Muscle Aches: Care Instructions
Your Care Instructions
Muscle aches have many possible causes. Some common ones are overuse, tension, and injuries such as a strained muscle. An infection such as influenza (flu) can cause muscle aches. Or the aches may be caused by some medicines, such as antipsychotics. Muscle aches may also be a symptom of a disease like lupus or fibromyalgia. Myalgia is the medical term for muscle aches.
The doctor will do a physical examination and ask questions to try to find what is causing your pain. You may also have tests such as blood tests or imaging tests like X-rays. These can help find or rule out serious problems.
The doctor has checked you carefully, but problems can develop later. If you notice any problems or new symptoms, get medical treatment right away.
Follow-up care is a key part of your treatment and safety. Be sure to make and go to all appointments, and call your doctor or nurse advice line (811 in most provinces and territories) if you are having problems. It's also a good idea to know your test results and keep a list of the medicines you take.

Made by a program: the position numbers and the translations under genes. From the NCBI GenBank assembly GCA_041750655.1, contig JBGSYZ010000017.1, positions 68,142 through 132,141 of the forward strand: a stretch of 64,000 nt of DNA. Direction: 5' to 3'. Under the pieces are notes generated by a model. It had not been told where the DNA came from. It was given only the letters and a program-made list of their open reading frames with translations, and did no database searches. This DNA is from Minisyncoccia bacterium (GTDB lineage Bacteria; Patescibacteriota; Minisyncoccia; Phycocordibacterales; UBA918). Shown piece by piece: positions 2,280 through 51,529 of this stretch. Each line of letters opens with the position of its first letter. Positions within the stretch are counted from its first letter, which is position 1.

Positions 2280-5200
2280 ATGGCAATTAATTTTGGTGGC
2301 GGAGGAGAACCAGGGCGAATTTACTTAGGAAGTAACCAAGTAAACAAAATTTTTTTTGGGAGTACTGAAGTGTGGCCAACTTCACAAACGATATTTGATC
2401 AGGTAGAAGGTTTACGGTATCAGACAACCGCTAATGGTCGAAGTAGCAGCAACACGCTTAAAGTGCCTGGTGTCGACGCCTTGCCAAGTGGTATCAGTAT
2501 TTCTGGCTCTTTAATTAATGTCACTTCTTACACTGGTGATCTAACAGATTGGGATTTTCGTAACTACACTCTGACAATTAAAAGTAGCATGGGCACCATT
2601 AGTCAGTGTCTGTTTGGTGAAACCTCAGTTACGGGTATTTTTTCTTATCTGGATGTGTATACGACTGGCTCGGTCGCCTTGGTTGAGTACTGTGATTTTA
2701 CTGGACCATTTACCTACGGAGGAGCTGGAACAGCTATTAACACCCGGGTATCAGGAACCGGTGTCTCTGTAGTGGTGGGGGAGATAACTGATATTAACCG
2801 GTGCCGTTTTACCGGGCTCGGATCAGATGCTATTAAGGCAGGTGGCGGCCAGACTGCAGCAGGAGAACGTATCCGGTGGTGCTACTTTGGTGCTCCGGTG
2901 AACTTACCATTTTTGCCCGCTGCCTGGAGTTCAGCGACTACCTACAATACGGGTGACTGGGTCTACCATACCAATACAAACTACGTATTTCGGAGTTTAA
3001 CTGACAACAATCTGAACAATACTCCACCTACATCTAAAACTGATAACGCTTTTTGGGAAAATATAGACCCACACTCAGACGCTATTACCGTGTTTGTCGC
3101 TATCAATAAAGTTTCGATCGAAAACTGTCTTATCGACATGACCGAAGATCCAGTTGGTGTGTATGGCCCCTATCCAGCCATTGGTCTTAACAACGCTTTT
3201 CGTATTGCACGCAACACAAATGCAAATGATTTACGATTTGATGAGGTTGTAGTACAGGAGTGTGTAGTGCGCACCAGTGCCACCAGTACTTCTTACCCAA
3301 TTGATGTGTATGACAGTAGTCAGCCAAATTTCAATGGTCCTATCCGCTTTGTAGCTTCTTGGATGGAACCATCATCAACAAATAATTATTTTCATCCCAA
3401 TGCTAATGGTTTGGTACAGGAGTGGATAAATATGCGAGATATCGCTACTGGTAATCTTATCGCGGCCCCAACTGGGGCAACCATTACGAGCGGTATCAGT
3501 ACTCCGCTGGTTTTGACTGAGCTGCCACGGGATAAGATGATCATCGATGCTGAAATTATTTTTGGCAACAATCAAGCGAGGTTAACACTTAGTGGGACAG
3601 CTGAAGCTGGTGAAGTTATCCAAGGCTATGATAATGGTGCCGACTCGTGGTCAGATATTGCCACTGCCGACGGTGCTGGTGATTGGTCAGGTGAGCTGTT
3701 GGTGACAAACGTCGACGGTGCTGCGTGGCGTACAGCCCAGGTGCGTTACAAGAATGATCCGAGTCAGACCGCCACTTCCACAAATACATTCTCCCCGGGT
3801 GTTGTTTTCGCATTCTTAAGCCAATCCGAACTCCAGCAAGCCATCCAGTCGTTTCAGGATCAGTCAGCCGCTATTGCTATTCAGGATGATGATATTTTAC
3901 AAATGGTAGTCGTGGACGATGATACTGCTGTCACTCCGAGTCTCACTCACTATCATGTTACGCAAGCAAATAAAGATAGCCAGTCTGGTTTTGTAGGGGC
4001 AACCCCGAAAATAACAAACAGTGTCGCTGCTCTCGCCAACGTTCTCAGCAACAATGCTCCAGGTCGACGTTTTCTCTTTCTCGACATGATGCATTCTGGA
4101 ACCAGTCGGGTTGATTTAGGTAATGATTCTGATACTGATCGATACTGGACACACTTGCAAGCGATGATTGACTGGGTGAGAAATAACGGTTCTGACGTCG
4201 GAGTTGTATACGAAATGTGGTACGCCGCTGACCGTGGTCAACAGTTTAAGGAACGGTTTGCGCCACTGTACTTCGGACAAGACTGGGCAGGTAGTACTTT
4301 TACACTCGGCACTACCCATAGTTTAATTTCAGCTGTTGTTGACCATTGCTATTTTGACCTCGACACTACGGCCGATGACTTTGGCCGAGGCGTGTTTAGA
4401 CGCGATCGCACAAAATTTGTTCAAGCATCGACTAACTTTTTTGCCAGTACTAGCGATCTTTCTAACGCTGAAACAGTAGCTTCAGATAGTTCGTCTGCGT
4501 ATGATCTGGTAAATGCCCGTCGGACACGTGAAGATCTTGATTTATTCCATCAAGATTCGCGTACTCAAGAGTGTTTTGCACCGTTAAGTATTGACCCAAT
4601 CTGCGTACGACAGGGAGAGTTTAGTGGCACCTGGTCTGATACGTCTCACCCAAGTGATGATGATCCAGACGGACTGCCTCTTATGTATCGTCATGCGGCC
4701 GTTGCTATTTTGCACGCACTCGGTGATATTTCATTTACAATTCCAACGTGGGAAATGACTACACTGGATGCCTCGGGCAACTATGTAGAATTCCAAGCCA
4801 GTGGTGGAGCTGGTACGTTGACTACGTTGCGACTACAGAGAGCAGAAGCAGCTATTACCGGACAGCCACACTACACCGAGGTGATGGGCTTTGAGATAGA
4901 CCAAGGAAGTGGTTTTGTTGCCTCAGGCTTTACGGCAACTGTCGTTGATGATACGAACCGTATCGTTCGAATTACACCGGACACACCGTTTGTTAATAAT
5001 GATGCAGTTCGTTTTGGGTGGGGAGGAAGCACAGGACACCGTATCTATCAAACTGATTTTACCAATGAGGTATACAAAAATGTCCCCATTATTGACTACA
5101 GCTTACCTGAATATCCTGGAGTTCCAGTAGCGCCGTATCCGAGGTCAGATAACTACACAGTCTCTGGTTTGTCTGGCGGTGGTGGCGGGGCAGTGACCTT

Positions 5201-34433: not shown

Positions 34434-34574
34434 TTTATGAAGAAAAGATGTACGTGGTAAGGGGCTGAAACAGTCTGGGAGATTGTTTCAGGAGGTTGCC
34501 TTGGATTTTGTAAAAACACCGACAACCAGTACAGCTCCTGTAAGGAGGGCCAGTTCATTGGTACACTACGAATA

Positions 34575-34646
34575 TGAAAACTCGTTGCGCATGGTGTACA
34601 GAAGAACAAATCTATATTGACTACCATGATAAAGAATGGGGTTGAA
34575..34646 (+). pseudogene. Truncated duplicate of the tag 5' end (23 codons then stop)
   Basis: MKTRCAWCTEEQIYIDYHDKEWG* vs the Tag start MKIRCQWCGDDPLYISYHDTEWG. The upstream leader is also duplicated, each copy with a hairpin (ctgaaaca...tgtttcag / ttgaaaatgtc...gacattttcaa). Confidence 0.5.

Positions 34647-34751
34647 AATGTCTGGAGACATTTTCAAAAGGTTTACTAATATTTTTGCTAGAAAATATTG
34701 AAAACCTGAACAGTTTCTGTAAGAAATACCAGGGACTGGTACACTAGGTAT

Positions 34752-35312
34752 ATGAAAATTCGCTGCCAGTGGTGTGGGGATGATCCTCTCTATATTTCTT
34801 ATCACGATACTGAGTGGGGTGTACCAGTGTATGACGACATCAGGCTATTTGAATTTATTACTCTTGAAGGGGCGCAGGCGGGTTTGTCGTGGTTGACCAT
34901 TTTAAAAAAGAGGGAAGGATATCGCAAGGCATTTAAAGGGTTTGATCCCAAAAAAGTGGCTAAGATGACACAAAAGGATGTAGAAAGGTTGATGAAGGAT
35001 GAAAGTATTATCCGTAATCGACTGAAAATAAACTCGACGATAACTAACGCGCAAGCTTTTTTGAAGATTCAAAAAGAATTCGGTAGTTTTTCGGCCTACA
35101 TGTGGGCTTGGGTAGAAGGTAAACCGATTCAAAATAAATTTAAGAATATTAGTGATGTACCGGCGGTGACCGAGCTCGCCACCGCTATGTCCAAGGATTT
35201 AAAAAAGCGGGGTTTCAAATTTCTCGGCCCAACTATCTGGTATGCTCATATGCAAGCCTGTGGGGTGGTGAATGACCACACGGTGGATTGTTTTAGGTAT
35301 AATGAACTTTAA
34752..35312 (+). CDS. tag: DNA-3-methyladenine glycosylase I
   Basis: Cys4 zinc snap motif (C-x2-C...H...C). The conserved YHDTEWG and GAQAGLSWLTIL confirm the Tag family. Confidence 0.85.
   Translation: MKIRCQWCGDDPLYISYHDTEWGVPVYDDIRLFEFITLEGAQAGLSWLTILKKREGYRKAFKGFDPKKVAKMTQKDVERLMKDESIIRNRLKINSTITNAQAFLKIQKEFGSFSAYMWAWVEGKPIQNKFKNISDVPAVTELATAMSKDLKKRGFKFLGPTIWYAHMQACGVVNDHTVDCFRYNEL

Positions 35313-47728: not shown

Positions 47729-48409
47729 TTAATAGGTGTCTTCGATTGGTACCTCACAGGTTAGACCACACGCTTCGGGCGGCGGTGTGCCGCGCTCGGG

How can you care for yourself at home?
- Rest the area that hurts. You may need to stop or reduce the activity that causes your symptoms. Then you can return to it slowly.
- Put ice or a cold pack on the area for 10 to 20 minutes at a time to ease pain. Put a thin cloth between the ice and your skin.
- Take an over-the-counter pain medicine, such as acetaminophen (Tylenol), ibuprofen (Advil, Motrin), or naproxen (Aleve). Be safe with medicines. Read and follow all instructions on the label.
When should you call for help?
Call your doctor or nurse advice line now or seek immediate medical care if:
- Your pain gets worse.
- You have new symptoms, such as a fever, swelling, or a rash.
Watch closely for changes in your health, and be sure to contact your doctor or nurse advice line if:
- You do not get better as expected.
Current as of: December 13, 2021